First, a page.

Bridging Two Worlds

A conversation about online media and what it means to your organization

The Good, The Bad and The Ugly

Posted by B2W on September 5, 2008


Cineplex has just launched a social networking site at that allows moviegoers to check the reviews of average people — other moviegoers. Marke Andrews wrote a good overview of this site in yesterday’s Vancouver Sun.

 These kind of reviews are becoming very important in the decision-making process. According to The State of The News Media 2008 report which is an annual report based on American stats*, eight out of 10 people, 17 years old and up say that the Internet has become a critical source of information.  We are going online more and more to research where to go, where to eat, what movie to see, what camera or computer to buy.

Traditionally, most reviews were written by experts – specialists in the field, people who made a living reviewing restaurants, hotels, books or movies.  These reviews appeared in mainstream media, in books and on websites. I know I have bought more than one Fodor’s Guide when I was planning any kind of a special vacation.

 There are still expert reviews out there, but the average person has also found a voice in this arena. An individual can respond or add to an expert’s review or they can write their own online.  I know that I check restaurant reviews before I make a reservation and I check travel reviews before I book a flight. I love the reviews that are written by people like you and me.  I trust them. There is a connection that happens when you find someone like-minded, even if it is on a travel review site. There is a trust factor that comes from the review being authentic and “real” – if sometimes a bit raw. Reviews by real people are transparent, we get to share their experience – the good, the bad and the ugly.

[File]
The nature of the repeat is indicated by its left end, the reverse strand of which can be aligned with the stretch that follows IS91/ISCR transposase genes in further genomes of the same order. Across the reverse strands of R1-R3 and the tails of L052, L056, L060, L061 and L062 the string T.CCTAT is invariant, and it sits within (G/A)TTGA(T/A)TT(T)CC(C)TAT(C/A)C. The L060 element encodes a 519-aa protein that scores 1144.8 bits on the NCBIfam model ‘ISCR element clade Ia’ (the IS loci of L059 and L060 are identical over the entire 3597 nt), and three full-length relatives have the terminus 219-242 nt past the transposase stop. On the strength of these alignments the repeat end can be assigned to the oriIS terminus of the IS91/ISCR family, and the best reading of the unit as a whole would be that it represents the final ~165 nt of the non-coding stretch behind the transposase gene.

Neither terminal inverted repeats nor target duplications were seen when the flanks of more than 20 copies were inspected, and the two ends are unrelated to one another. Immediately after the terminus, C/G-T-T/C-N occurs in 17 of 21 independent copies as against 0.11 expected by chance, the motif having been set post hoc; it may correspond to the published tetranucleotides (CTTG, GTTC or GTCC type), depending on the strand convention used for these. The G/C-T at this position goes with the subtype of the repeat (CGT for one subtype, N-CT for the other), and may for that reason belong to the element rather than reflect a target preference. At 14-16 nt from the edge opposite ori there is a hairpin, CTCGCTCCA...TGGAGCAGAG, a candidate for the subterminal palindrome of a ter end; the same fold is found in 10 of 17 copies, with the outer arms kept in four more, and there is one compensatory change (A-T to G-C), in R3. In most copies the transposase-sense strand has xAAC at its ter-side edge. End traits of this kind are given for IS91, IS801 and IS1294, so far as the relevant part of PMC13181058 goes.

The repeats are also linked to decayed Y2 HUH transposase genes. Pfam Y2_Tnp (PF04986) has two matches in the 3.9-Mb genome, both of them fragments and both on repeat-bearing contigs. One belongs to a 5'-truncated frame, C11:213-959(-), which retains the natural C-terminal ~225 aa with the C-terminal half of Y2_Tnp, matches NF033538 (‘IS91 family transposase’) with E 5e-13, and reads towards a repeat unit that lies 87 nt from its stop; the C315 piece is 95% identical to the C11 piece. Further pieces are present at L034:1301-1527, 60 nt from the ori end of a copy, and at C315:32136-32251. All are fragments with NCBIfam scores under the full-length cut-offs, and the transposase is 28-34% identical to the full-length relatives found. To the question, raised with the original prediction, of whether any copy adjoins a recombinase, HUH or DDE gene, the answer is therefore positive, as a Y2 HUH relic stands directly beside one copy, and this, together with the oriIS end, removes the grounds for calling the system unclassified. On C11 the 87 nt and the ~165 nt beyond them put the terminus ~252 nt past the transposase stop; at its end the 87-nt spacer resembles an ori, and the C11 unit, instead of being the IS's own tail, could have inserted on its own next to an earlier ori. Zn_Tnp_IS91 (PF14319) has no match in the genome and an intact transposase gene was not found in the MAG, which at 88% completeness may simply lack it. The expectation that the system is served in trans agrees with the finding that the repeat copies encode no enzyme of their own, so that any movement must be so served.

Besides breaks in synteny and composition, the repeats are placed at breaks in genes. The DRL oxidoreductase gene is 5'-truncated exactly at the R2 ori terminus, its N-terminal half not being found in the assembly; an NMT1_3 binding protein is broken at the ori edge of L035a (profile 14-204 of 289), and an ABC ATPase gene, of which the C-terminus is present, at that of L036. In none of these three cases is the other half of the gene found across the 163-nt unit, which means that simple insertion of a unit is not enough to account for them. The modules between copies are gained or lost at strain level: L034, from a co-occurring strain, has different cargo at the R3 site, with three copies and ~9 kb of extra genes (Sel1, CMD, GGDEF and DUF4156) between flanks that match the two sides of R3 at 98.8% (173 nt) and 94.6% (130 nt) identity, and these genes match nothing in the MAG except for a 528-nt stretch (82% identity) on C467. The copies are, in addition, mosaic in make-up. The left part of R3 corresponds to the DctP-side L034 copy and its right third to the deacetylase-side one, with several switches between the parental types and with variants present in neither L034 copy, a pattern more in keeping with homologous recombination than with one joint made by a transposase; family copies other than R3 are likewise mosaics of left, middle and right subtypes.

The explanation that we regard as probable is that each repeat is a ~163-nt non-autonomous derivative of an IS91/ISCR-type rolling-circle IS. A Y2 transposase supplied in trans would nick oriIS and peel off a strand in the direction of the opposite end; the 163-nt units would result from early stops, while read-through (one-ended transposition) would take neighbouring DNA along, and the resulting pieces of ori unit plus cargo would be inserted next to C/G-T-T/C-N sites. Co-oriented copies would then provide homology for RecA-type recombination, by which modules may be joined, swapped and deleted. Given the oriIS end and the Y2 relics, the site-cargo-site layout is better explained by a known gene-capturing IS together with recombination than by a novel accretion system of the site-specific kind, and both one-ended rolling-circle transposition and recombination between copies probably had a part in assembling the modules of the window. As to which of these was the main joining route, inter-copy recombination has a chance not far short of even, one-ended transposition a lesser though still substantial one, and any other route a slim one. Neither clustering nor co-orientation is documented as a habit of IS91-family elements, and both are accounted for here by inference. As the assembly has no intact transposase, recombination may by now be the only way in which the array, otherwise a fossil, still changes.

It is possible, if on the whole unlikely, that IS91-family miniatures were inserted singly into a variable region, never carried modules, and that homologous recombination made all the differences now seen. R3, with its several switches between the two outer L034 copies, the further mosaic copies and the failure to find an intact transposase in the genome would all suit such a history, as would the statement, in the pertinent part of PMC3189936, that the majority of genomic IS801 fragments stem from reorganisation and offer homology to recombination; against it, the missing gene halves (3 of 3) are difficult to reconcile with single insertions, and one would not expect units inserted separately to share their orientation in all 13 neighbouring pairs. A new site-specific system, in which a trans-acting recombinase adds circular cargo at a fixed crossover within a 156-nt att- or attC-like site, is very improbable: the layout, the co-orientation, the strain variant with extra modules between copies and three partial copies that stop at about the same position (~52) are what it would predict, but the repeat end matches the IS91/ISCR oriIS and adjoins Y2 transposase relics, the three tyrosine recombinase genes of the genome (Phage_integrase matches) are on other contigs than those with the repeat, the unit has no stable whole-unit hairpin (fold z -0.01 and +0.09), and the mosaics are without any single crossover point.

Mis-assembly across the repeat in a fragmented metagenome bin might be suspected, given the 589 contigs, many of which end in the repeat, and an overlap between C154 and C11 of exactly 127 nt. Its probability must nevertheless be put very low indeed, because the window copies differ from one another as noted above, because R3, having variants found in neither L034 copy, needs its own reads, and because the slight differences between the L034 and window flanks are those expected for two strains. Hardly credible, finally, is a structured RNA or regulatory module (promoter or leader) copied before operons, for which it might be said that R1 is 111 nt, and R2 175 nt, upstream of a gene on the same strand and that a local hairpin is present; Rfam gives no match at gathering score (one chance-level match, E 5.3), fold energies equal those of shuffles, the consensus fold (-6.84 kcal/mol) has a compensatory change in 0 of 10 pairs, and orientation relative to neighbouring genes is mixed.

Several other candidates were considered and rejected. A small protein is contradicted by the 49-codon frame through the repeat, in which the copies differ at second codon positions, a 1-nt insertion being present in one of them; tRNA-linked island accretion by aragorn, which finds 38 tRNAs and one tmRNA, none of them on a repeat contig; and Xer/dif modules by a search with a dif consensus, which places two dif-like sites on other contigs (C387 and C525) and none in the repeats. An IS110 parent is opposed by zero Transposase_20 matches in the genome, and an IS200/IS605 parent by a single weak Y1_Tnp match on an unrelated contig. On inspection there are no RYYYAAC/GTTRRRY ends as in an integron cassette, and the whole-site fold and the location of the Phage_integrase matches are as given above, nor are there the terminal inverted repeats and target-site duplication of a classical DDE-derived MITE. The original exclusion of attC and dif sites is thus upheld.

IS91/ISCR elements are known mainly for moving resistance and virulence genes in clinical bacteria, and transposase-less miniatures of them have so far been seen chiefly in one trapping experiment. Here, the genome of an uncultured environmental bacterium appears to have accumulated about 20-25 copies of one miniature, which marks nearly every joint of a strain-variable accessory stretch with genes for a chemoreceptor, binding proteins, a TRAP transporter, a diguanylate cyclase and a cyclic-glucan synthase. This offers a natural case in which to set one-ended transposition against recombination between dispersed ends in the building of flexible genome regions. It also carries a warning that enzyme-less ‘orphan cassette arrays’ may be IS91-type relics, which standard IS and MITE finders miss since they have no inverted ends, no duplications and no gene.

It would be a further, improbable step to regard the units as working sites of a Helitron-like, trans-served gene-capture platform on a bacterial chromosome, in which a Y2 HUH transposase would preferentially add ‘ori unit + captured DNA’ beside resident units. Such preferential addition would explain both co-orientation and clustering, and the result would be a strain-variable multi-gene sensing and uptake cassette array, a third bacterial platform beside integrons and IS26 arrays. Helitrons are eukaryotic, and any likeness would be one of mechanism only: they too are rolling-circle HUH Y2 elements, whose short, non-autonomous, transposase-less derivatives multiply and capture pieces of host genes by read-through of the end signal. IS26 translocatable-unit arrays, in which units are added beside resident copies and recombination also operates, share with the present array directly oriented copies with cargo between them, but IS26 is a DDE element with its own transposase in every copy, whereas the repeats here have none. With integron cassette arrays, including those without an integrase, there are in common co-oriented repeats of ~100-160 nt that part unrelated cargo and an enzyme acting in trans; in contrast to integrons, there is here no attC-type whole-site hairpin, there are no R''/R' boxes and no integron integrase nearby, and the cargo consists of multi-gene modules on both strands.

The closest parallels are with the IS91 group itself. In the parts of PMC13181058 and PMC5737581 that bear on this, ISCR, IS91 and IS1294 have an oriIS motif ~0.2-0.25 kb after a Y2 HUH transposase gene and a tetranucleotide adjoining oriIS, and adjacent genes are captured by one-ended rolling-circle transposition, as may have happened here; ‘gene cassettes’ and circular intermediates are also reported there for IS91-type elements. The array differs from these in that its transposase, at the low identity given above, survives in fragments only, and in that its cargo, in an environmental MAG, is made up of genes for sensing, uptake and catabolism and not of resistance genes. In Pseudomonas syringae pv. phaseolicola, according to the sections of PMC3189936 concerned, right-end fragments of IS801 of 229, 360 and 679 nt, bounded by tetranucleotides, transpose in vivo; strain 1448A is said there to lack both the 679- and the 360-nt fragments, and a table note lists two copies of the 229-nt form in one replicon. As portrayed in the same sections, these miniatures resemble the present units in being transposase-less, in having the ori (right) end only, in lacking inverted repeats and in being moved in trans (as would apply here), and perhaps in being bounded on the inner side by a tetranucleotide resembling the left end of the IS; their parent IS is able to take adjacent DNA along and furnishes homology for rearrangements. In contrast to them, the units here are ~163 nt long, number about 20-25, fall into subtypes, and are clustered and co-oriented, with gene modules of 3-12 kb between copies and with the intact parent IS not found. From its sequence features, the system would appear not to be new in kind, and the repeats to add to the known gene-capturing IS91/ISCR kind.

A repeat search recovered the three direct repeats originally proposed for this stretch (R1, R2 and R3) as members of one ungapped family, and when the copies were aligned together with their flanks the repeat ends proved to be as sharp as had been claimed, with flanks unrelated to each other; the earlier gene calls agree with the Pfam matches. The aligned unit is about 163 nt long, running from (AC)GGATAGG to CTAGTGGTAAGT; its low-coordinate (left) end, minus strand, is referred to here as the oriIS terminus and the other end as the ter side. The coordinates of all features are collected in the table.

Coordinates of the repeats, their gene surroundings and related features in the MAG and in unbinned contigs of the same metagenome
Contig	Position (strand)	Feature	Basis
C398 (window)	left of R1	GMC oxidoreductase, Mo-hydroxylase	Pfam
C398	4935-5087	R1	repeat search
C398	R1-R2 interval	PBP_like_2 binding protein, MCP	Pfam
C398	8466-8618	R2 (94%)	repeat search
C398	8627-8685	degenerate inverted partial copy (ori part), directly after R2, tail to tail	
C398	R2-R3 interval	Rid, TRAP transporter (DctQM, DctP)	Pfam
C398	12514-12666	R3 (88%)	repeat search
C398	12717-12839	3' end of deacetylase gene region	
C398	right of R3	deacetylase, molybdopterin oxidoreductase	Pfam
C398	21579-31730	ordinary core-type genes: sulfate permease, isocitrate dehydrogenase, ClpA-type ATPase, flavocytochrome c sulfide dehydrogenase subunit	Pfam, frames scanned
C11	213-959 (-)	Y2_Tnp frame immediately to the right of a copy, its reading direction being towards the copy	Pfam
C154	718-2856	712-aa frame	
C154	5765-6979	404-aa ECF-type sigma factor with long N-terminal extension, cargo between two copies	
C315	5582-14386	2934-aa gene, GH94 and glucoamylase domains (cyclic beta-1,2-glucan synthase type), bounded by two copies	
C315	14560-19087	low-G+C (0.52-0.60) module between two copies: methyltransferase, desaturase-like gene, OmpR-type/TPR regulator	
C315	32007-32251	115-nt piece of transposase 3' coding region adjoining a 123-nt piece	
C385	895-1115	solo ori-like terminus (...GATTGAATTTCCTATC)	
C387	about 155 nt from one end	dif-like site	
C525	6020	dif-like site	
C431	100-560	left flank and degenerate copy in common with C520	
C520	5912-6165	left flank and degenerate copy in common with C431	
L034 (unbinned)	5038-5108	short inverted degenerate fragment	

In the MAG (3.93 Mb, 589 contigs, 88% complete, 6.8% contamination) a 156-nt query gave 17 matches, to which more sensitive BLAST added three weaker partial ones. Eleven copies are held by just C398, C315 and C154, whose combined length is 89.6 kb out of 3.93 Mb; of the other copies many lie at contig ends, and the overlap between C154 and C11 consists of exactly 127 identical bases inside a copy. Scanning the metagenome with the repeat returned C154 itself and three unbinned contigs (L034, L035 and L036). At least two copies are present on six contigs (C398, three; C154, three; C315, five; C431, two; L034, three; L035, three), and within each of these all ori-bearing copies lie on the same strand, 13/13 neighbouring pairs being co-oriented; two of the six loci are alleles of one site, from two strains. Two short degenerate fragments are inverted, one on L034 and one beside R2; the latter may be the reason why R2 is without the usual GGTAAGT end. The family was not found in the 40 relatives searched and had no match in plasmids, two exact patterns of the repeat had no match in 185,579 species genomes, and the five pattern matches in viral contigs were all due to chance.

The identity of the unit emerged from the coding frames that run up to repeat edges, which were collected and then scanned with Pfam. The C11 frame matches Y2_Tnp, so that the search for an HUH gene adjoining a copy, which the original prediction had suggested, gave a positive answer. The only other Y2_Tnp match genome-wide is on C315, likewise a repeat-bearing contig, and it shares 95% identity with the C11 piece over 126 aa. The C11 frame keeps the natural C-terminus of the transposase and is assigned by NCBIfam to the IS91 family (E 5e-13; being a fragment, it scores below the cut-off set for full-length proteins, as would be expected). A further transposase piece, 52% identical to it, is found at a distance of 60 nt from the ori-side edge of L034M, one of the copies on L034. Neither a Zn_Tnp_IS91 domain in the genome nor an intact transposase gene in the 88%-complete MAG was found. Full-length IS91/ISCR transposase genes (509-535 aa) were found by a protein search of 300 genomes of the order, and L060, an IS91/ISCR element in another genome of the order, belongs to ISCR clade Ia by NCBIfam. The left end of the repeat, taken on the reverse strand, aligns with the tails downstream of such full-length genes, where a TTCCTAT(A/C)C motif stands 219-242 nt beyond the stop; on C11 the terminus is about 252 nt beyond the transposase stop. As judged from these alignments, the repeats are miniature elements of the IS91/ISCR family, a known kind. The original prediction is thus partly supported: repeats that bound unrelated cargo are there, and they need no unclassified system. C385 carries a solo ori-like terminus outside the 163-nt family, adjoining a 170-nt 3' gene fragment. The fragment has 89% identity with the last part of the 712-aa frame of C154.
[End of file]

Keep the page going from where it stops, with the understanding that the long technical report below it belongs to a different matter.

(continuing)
This is a growing trend and I began thinking about what it means in the context of business. What impact would this kind of citizen review process have on your organization?  Are people out there right now – in the “real” world or online – reviewing your organization’s services or products or perhaps they are looking at your role in the community? It’s an interesting thought. And since many reviews are based on personal opinion, perception and other bias, what would happen if there was a bad review – justified or not?

Citizen reviews are a growing influence and I think it’s something worth thinking about. Would your organization get two thumbs up?

 *We’re working on finding more Canadian stats, if anyone has suggestions on where to look – we’d love the advice!



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